Local authorities have also felt the crunch during 2012, with job losses and the increasing involvement of private-sector firms, the latter often offering mixed results at best.
One of the most high profile failures of a venture designed to cut IT costs was that of Somerset County Council's Southwest One (SWO). The initiative has been dogged by disputes relating to delayed start dates and late payments. Reports suggested the council wasn't happy with the services provided as part of a 10-year deal with IBM to reduce IT costs, and was preparing for a court battle. A statement provided to Computing by SWO in October said the service is "continuing to provide a robust service to its partners and substantial benefits for taxpayers in the south west region".
Somerset wasn't the only local authority mired in controversy in 2012, with residents unhappy about Barnet Council's decision to outsource back-office services. The 10-year deal with Capita, worth £320m, will see the firm operate council services including IT. Opponents believe that instead of saving taxpayers money, they'll end up paying more. Nonetheless, Barnet insists that the deal, which was signed in December, represents value for money over an alternative strategy of cutting frontline services and jobs.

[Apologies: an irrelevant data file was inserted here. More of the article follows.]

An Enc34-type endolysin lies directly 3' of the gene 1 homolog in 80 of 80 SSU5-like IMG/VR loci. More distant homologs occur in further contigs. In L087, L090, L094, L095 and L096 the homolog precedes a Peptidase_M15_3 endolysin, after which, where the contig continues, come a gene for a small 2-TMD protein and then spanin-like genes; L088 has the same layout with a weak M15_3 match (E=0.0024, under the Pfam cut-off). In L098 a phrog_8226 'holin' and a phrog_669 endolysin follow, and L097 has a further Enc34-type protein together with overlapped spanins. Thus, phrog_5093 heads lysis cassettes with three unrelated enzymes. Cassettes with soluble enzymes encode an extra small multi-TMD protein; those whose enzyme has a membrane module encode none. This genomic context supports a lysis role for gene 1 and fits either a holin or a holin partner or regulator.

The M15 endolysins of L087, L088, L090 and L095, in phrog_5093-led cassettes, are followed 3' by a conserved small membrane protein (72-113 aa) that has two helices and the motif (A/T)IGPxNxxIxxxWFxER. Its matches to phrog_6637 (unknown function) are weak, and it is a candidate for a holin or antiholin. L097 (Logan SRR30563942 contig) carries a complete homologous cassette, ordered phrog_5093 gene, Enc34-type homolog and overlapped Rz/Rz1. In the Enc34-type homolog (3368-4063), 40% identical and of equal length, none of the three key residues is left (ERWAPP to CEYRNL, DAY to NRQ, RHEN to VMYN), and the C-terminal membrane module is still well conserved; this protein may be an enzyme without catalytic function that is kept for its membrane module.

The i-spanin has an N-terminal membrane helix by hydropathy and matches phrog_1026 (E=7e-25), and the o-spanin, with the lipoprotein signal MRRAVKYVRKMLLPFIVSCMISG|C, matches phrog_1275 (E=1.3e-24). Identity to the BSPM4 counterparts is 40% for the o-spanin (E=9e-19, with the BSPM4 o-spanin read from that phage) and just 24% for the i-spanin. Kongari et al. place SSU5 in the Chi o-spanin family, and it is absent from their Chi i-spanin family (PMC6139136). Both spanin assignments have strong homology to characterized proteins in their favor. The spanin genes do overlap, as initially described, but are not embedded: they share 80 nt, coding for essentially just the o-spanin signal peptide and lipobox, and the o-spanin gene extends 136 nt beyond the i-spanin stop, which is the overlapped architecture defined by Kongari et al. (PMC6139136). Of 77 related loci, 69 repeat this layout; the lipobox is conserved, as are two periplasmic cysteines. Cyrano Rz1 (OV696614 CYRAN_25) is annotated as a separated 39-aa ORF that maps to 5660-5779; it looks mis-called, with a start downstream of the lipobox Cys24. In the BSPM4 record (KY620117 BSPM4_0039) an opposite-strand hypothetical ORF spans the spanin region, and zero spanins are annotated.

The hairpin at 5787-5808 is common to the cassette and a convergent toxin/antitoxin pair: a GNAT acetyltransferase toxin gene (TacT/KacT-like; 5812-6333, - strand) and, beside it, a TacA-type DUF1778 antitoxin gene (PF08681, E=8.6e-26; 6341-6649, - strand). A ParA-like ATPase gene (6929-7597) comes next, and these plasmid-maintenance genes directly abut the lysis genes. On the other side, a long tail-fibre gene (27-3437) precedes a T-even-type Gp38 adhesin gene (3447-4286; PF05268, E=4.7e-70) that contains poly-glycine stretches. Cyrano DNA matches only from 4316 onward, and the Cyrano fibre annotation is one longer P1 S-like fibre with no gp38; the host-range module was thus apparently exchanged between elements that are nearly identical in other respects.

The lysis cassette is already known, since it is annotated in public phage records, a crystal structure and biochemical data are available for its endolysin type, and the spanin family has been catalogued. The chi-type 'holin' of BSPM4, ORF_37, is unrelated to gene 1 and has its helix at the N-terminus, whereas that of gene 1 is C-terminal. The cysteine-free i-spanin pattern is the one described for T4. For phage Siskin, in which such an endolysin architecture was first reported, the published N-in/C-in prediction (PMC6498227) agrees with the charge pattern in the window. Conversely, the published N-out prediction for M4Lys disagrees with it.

Taxpayers have also seen public funds used to pay fines, as the Information Commissioner's Office (ICO) punished a number of public-sector organisations for data breaches throughout 2012.
The NHS received its first ICO fine in May after the Aneurin Bevan Local Health Board in Pontypool sent a report containing sensitive information to the wrong patient. It was fined £70,000 by the ICO. Torbay NHS Trust also ended up with an ICO fine of £175,000 for a data breach that was deemed "entirely avoidable". The Devon trust had published "sensitive details" about employees online during the previous year.
The fines issued to the NHS came in a year that saw IT directors argue that year-on-year spending cuts would be detrimental to patient care, with IT a vital part of the process.
Away from the NHS, the ICO fined Greater Manchester Police £120,000 after a USB stick containing sensitive information was stolen from an officer's home. A report issued by the ICO this year suggested the public sector was way behind private firms when it comes to data compliance.
So, 2012 was a tough year for the public sector and 2013 does not look like it will be any easier.
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